But you could have said no/ If you'd wanted to/ You could have walked away/ ...Couldn't you ?

That's one hell of a myth we've been sold, and it's bullshit, every word of it. Just take a look at clichéd tropes I've deployed above - like 'Dionysian'. What's fucking Dionysian about choking on your own puke alone in a hotel room (a la Hendrix) or blowing half your brain out, leaving your young daughter fatherless (you know who)? I'm not passing judgement on these tragic exits, but you have to be pretty warped to see them as anything other than sad, sordid and, crucially, avertible. These deaths aren't the culmination of a life of unfettered creativity and hedonism, no more than they are the price someone pays for genius. Did Einstein end up slumped over a blood-encrusted needle? No. Plus, one look at Keith Richards and you can see exactly what a life of excess looks like, and it's far from sexy. And while we're at it, there's no such thing as a 'curse' on these poor souls either. If anyone is cursed, it's those fans they leave behind to suffer through an endless slew of shitty merch and dismal copycat chancers.

Re-issue! Re-package! Re-package!/ Re-evaluate the songs/ Double-pack with a photograph/ Extra track (and a tacky badge)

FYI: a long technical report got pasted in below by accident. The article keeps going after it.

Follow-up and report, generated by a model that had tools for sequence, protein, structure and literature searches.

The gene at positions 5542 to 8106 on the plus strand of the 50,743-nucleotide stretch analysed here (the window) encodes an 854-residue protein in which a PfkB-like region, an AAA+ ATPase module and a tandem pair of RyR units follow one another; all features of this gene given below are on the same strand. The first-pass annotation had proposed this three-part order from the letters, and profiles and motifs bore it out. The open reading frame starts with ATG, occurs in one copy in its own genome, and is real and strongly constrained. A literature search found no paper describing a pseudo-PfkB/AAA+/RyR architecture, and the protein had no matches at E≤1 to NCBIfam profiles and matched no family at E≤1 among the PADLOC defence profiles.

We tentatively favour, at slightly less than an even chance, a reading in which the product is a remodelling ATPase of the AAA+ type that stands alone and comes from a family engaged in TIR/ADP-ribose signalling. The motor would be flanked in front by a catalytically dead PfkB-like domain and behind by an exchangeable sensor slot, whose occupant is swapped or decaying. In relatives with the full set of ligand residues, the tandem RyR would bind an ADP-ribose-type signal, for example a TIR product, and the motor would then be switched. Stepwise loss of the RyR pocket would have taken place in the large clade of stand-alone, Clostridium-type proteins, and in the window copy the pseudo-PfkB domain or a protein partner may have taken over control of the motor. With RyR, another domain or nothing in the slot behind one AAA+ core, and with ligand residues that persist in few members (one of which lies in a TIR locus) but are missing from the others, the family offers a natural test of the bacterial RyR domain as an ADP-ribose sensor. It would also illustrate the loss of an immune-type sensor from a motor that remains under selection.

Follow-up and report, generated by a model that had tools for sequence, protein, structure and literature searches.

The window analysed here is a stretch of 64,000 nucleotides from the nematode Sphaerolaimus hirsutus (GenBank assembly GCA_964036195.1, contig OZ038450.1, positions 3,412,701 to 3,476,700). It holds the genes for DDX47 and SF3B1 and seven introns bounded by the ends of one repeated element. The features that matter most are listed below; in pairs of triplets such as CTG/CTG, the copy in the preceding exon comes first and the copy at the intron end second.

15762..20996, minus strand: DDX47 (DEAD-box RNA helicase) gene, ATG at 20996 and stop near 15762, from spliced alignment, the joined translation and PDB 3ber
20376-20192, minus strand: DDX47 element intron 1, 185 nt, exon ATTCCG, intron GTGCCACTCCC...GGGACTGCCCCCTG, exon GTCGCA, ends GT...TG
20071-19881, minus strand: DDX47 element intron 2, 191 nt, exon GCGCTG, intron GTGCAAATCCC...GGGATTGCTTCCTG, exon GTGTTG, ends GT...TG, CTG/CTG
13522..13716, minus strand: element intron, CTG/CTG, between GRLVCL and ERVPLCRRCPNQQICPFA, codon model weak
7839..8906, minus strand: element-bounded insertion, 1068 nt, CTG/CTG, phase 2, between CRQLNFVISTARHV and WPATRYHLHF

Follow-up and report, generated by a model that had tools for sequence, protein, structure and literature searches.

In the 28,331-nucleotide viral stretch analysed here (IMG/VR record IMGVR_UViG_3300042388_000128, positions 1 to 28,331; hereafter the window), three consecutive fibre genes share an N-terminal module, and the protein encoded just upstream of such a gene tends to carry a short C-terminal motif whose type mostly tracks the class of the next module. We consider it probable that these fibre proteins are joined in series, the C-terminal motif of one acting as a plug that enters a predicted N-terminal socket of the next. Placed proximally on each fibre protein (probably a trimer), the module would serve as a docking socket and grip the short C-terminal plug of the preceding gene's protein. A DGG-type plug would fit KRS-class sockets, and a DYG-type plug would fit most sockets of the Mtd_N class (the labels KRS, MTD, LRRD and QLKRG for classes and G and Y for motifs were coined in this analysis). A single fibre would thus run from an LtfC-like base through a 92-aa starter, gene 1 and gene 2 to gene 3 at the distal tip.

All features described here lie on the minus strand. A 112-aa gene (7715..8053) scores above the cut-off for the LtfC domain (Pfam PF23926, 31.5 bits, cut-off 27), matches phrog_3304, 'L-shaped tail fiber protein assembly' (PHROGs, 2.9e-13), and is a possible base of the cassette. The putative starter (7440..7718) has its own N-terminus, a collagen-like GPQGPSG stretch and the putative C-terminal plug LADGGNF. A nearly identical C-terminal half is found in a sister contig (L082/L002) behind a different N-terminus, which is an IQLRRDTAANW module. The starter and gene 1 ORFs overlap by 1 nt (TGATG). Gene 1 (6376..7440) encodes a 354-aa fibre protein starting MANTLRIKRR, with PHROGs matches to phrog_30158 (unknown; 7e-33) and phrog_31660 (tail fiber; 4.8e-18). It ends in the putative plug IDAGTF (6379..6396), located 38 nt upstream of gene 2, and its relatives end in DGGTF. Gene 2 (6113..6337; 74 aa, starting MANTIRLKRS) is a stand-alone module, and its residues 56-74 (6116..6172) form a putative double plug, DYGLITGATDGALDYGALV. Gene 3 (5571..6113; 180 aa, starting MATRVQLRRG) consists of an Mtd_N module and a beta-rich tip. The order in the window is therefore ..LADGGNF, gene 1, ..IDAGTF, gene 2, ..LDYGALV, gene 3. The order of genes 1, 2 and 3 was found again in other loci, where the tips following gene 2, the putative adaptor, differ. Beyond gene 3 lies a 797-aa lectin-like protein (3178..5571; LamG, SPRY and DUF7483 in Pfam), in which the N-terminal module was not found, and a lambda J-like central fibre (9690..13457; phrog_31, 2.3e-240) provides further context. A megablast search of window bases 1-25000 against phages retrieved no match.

On a prosaic level, the reason many of these stars died at 27 is simply because their lifestyles caught up with them. As they hit their late 20s, the daily strain of addiction became too much and their health deteriorated fatally. At its most unpleasant, the 27 Club prevents us from seeing the truth, masking the damage addiction does to sufferers and their families. There's no unseen, fatalistic hand guiding them to an untimely demise, as tempting as it might be to dress up an avoidable tragedy as something more special, something befitting a star. If Amy Winehouse told friends that she would die at 27, well, that just shows the delusional bullshit she had bought into. As someone who made a career re-energising jazz, soul and blues tropes, embodying them vividly in her lyrics and performances, she was surely aware of the 27 Club and all that went with it.